Just as the European Union was putting pressure on Turkey about education in native tongues and minority rights, the Netherlands was putting an end to education in native languages, limiting the broadcasting hours of minorities on public radio, and ending their broadcasts on TV.
Moreover, those unable to pass an exam on Dutch language and culture would not be permitted to enter the country, even if they were relatives of immigrants.
Dutch historian Geert Mac summarizes the situation like this: ‘We opened the doors of our mind and expressed our fears.’
This fear is that a country with a huge population like Turkey will dominate the Netherlands through EU membership.
Europe is on the way to becoming a Christian club which will turn inwards.
Those who underestimate the ‘no’ vote which came from France and the Netherlands say that it’s not important.
However Europe is at a turning point. The West is moving towards giving up core values such as multiculturalism, integration, minority rights and the welfare state. One era is ending, and nobody can guess what the next one will bring.”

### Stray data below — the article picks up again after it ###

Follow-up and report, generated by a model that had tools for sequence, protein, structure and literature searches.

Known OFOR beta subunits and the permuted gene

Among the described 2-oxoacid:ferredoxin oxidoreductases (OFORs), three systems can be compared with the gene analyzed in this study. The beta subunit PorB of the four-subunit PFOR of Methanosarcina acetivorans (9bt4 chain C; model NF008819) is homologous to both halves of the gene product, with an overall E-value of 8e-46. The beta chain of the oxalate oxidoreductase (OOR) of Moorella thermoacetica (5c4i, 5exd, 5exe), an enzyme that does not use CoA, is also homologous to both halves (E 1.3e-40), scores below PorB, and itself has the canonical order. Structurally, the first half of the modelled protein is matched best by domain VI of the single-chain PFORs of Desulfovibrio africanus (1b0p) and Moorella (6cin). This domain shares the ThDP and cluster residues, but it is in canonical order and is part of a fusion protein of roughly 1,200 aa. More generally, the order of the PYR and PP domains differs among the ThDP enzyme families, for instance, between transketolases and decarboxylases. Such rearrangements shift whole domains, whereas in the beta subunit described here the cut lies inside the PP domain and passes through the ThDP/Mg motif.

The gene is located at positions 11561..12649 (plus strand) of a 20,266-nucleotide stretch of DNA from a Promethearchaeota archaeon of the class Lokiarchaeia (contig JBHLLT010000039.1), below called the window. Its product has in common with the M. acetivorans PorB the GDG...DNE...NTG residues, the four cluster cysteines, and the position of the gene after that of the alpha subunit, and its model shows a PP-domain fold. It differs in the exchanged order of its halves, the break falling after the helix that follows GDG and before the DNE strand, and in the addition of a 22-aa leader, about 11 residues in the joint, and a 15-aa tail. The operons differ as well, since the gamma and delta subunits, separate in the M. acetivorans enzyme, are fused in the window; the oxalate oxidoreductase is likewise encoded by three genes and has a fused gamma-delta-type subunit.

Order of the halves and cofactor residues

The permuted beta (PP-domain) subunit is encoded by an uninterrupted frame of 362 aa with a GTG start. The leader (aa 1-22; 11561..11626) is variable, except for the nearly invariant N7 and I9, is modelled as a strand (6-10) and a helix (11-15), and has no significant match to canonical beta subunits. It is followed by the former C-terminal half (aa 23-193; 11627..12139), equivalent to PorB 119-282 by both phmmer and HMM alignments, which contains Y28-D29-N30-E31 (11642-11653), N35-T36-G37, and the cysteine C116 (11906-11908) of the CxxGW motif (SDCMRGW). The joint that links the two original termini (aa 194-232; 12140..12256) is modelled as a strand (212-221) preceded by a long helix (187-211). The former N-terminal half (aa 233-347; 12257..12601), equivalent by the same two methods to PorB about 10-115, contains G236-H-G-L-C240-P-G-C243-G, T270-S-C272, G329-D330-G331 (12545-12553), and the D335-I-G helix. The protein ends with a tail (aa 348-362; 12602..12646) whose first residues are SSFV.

THE FRENCH NO BY NURAY MERT (RADIKAL)Columnist Nuray Mert comments on the French rejection of the EU constitution and scenarios for the future of the EU and Turkey. A summary of her column is as follows: “People say that the French rejection of the European Union Constitution won’t affect us so much. Yes, and storks bring babies, don’t they? This result was largely interpreted as part of two frameworks. One of them is the ostrich approach displayed by EU supporters, who present their wishes and longings as political evaluation. They say that the result won’t have a great impact on Turkey. On the other hand, the common tendency is to interpret the referendum’s results in terms of its relation to Turkey’s EU membership. Obviously, everything happening in Europe concerns Turkey generally, including its EU membership bid. However, the things happening in Europe as in the referendum in France are historic developments. European democracies are issuing urgent signals in all elections. In addition, Europe is experiencing one of the greatest political crises of the modern age. The meaning of this signal can’t be read and this crisis can’t be without comprehending something. First of all, the aim of the EU should be understood. Is it going to compete with the US or strengthen it? The answer to this question is uncertain. Now it seems that certain views led by Britain favor producing certain policies to strengthen it. Will France and Germany be able to stand against this? Will France leave Germany alone? Or will the entire EU share the same opinions? If the EU aims to become a secondary power following the US, leaving competing with it or creating an alternative to it aside, would democracy, the tradition of the welfare state and political liberalism still exist there? Is it possible to survive in the competitive global market by insisting on a welfare state? Aren’t racism and separatism the price of giving up the tradition of a welfare state? How will you be able to express yourself to France or the Netherlands, who will have to give up their jobs or social security for the sake of cheap labor? Sooner or later, won’t somebody say, ‘Immigrants and foreigners take your share of the cake, let’s expel them’? People are already saying this. Each country in Europe is leaning towards the right. A person who doesn’t want to face this might find such pretexts as ‘cultural disharmony.’ Now some people are citing such pretexts, latent separatism is increasing and the axis of political discussions is centered on the cultural axis. How can we talk about political liberalism in such an atmosphere? Then people will start to ask if it’s possible to maintain democracy in a single country or continent. When there is a huge reserve of cheap labor, there will be neither workers’ right to organize, nor cross-cultural peace. In such an atmosphere crime will rise and liberal and democratic policies will be given up. Those who support welfare will either withdraw within or take a step back from democracy. If these things are evaluated all together, we face a meaningful picture, one which is discouraging. If we can’t evaluate these issues correctly, we will be powerless to do anything to keep the EU and Turkey, even all of humanity, alive following the approaching doomsday.”